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Joint Detection, Location and Source Mechanism Determination of Microseismic Events


Anikiev,  D.
0 Pre-GFZ, Departments, GFZ Publication Database, Deutsches GeoForschungsZentrum;

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Anikiev, D. (2015): Joint Detection, Location and Source Mechanism Determination of Microseismic Events, PhD Thesis, St. Petersburg : St. Petersburg State University, 85 p.

Cite as: https://gfzpublic.gfz-potsdam.de/pubman/item/item_5012788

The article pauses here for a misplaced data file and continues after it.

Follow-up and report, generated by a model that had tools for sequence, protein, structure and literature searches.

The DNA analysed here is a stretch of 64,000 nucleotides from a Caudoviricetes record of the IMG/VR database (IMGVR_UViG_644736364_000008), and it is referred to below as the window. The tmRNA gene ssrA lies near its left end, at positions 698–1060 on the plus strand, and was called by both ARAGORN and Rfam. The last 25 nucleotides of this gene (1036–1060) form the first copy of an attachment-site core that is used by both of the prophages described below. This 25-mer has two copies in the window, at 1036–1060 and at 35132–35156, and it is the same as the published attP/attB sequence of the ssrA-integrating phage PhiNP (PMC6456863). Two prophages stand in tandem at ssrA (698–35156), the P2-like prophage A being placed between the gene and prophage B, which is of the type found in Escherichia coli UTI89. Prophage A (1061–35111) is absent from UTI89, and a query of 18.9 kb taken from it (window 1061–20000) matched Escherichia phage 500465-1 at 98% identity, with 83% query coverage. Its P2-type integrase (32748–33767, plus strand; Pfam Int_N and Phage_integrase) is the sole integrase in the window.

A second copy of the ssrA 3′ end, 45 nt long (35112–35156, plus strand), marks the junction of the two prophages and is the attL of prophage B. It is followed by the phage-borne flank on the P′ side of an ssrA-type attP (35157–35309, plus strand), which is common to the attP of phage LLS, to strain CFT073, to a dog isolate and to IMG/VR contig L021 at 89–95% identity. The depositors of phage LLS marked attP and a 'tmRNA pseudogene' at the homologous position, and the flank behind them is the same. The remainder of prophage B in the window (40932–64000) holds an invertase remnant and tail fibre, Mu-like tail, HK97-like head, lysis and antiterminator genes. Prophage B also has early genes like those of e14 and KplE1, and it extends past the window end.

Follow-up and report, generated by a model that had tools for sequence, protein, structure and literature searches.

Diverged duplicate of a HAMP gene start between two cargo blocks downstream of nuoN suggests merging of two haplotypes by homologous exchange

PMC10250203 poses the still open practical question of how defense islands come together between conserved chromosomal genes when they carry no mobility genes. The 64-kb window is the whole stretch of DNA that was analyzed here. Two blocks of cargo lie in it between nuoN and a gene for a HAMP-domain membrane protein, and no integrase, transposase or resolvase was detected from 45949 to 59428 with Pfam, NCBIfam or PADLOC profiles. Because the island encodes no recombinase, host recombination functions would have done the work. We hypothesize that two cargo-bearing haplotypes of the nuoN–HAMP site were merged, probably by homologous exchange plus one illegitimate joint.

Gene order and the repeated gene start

Imaging of seismic events is of utmost importance not only in seismology but also in exploration geophysics. For instance, detailed information about origin times, locations and source mechanisms of microseismic events is crucial for passive onitoring of hydraulic fracturing because it allows engineers to observe fracture growth, identify active faults and evaluate effectiveness of well stimulation. Microseismic monitoring greatly benefits from imaging events with low signal-to- noise ratio (SNR), but their detection on individual seismic traces is usually difficult. This work is devoted to a new imaging method based on stacking of seismic amplitudes along diffraction traveltime curves which facilitates noise suppression and improves imaging of microseismic events with low SNR. A key attribute of the proposed method consists in correction of polarities of stacked amplitudes according to the seismic moment tensor simultaneously determined for each set of amplitudes. This attribute allows taking into account source radiation patterns and significantly enhances imaging of typical seismic events generated in fault zones. The generalized imaging concept proposed in the thesis allows continuous data processing and involves original algorithms for joint detection and location of microseismic events, together with an algorithm for source mechanism determination. The detection algorithm based on automatic triggering routine enables joint determination of origin times of multiple consecutive microseismic events. In order to evaluate reliability of detected events, an additional semblance analysis of stacked amplitudes is proposed. Reliability of detection can be further improved by selection and correction of stacked amplitudes according to predicted source radiation patterns. The location algorithm involves representation of event’s image function in a form of statistical spatial istribution. This enables estimation of location uncertainty and determination of coordinates that are not restricted to the nodes of a spatial grid. The proposed method has been applied to a real dataset recorded during microseismic monitoring of hydraulic fracturing in a shale formation. Benchmarking of locations and source mechanisms of microseismic events with high SNR shows good agreement with the results of a standard imaging method based on manual picking of event traveltimes. Results of continuous data processing show that the proposed method is able to detect and locate a large number of real microseismic events in a vicinity of the stimulated well interval. Source mechanisms obtained for these events demonstrate fault geometries consistent with the orientation of natural fractures. The developed imaging method is fully automated and feasible for real-time microseismic monitoring